COST MANAGEMENT STRATEGIES

One of the key directives from the Oversight Group to the project team has been to keep the project on budget, while also meeting the highest level of quality for the people of Wyoming. The Program Manager has developed guidelines to communicate the Oversight Group’s expectations for quality and cost to direct the work of the project team. 

Construction Cost Limitation

The Construction Cost Limitation (or CCL) is the amount in the contract with the Construction Manager at Risk (CMAR) for construction and totals $219 million of the total $299 million budget. This is also the amount the Architect of Record is required to meet in its design. The estimates provided for the components of the project are based on the current status of design and balancing the CCL. The State will enter into a Guaranteed Maximum Price (GMP) contract for construction that is equal to or less than the CCL. The GMP will be developed through implementation of early construction work packages to enable critical construction and provide the Oversight Group assurance that the project scope is within budget.  

Project Contingency Funds

The project budget includes the following contingencies to help maintain the CCL:  

  • 2-percent design contingency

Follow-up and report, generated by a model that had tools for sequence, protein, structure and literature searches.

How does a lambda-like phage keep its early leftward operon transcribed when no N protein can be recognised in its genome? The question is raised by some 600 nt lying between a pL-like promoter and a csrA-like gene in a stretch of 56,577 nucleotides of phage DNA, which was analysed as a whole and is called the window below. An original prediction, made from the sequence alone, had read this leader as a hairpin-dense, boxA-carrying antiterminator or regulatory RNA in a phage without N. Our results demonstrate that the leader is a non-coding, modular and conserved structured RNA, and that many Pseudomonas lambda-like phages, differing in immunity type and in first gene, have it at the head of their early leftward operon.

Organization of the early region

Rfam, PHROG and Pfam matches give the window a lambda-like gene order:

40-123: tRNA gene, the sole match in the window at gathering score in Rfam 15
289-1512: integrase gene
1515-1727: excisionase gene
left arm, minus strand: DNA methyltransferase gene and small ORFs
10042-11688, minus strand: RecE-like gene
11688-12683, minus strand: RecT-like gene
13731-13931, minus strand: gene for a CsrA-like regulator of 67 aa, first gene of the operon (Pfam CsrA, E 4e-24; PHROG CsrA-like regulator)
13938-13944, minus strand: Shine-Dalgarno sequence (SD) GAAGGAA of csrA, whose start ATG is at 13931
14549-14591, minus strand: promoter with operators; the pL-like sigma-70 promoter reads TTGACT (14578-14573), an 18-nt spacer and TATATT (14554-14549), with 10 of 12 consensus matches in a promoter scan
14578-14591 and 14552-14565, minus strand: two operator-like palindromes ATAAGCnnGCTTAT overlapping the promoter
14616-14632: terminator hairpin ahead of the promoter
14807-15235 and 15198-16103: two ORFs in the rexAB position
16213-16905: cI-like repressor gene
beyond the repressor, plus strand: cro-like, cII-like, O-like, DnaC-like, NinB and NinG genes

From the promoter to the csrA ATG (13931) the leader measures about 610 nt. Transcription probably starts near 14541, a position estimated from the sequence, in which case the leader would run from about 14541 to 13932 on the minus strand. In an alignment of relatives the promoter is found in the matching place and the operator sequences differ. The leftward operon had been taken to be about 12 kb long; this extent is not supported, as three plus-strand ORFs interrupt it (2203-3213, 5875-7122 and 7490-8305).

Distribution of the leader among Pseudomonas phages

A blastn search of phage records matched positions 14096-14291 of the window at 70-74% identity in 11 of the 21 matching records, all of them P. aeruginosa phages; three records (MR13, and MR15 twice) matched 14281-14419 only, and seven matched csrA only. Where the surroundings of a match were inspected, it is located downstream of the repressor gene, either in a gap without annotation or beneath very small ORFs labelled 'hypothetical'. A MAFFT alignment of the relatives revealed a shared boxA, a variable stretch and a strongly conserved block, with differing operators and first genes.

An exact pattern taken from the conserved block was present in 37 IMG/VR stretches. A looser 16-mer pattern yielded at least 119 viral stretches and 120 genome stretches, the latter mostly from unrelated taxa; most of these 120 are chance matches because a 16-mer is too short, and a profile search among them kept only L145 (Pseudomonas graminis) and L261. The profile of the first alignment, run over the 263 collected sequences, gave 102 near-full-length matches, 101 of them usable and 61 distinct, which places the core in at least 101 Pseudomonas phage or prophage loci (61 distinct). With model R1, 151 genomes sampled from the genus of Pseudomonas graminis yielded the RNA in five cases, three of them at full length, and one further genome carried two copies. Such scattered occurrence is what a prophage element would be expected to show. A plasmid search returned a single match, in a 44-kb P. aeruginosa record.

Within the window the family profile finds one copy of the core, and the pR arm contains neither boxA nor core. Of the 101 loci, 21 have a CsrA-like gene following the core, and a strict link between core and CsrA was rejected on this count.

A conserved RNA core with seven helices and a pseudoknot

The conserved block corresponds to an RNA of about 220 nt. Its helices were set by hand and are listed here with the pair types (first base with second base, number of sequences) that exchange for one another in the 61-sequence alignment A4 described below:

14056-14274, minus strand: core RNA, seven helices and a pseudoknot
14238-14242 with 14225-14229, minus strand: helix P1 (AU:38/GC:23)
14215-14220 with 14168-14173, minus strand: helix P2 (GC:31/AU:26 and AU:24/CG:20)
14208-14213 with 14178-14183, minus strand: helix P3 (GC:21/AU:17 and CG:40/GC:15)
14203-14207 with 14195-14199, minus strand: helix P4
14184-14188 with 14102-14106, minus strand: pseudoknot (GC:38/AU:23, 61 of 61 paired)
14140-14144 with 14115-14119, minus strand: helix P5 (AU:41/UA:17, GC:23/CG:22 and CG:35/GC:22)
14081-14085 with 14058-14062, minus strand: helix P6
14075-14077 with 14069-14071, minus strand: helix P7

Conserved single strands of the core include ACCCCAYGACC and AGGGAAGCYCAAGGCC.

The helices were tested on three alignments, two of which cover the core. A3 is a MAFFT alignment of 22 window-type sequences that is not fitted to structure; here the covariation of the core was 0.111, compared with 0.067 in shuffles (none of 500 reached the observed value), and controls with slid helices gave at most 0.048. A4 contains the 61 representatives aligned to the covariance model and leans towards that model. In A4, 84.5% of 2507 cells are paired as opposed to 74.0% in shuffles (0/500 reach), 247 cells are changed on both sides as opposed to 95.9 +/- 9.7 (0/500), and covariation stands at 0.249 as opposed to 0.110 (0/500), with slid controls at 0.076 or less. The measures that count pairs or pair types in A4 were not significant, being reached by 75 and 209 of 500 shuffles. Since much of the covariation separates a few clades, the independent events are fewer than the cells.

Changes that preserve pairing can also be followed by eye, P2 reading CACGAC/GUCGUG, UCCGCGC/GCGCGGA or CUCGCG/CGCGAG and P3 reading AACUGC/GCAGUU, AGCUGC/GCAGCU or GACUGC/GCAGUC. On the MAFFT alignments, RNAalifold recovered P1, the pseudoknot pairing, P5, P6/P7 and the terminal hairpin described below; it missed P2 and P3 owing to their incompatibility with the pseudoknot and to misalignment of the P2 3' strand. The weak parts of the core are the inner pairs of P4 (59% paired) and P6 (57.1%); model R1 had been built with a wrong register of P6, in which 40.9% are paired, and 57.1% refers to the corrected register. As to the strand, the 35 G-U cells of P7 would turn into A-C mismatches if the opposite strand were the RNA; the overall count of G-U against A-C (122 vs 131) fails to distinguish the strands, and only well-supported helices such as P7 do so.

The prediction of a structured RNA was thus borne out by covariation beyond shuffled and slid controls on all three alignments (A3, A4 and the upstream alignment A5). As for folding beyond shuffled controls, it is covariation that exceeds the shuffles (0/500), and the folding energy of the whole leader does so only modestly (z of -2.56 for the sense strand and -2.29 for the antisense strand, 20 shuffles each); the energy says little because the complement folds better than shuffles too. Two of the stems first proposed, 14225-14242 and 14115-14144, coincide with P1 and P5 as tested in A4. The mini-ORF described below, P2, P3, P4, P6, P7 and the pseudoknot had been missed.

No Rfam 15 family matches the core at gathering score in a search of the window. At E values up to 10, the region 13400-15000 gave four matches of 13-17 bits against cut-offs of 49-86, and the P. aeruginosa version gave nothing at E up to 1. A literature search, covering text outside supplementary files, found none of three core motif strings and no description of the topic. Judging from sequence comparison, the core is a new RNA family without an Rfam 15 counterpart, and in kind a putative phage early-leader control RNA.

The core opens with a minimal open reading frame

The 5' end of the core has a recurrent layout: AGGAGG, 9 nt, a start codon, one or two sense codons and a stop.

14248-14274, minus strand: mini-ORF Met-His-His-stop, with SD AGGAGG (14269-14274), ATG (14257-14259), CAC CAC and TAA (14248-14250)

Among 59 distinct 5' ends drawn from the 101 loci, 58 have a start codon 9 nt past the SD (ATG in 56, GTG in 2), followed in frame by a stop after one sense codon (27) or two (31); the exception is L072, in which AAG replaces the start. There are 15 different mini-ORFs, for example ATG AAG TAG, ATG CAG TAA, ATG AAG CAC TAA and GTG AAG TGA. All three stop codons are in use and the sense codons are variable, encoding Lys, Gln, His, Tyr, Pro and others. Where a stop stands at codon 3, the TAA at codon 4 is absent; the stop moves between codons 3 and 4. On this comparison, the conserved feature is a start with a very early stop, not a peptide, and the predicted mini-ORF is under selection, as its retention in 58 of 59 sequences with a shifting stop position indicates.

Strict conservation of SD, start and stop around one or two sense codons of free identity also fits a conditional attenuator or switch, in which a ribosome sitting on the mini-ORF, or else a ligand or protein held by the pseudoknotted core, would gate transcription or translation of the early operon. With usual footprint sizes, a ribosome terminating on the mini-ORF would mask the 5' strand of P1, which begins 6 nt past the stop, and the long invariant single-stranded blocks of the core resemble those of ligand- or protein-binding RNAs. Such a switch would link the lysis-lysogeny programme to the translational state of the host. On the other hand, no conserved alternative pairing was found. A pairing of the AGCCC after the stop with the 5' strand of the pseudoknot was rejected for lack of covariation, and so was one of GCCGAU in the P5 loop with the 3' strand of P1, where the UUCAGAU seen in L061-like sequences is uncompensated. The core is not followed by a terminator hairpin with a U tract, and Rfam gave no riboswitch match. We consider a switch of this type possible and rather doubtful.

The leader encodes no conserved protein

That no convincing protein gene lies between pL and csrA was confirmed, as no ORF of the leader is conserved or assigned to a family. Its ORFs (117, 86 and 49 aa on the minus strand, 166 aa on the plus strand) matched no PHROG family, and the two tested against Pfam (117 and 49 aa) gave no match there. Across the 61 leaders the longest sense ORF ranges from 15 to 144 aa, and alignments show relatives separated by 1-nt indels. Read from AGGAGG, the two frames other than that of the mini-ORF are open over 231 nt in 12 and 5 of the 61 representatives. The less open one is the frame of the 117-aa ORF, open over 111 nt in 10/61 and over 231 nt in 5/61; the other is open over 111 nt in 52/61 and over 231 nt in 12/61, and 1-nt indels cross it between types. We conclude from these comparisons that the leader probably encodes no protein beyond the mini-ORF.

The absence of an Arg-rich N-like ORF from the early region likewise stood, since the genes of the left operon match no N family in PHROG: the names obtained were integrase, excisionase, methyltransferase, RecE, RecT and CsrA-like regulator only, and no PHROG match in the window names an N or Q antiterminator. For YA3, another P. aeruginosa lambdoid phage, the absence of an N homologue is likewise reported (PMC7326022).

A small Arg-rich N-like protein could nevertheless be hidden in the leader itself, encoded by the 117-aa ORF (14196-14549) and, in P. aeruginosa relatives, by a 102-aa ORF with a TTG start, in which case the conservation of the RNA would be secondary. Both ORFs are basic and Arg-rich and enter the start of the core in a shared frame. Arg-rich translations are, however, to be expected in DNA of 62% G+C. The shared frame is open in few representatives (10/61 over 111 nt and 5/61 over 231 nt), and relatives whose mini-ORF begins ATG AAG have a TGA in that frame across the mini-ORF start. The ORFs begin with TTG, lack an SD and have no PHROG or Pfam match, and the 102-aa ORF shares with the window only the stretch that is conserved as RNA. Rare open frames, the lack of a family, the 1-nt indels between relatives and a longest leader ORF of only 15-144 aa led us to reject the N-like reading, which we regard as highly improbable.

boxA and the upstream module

• 7.5-percent bidding contingency for management of market conditions on each bid
  • 5-percent construction contingency
  • 10-percent Owner’s contingency ($20 million) reserved for unanticipated costs. 

Controlling Against Cost Overruns

To reduce the likelihood of expensive change orders during construction, the project team is performing destructive examinations to complete final design work and cost estimating. The contractor has also ordered limited construction materials to insure their availability and to prevent future delays. 

Value Engineering and Risk Management Strategies

At the direction of the Oversight Group, using the design guidelines developed for the Capitol and the Herschler Building, the project team engaged in value-engineering efforts in 2015 to find avenues to maintain the budgets for each portion of the project. These efforts are intended to realize cost savings in the design of each component. The Oversight Group also approved a method to gain as much efficient square footage in the Herschler Building as the existing budget of $63 million for that portion of the project will allow, utilizing a core and shell strategy. 

  • Approximately $48 million of the $63 million budget will be used to expand the building, provide a new building exterior, replace the mechanical, electrical, and plumbing systems, and provide a new elevator core.
  • The remaining $15 million dollars will be reserved to ensure the overall project budget is balanced at $299 million and then to finish as much of the space in the Herschler Building as possible.  If savings can be obtained within this budget by preserving contingencies or employing value engineering strategies, those savings will transfer to the tenant improvement budget for the Herschler Building.  Approximately 187,000 square feet can be finished for $15 million, which would gain 14,000 net square feet more than the existing building, shelling remaining space for the future. 
  • Two meeting rooms and an auditorium in the connecting tunnel will be shelled until it is determined how much space can be finished within the budget after space is finished for the elected official staff.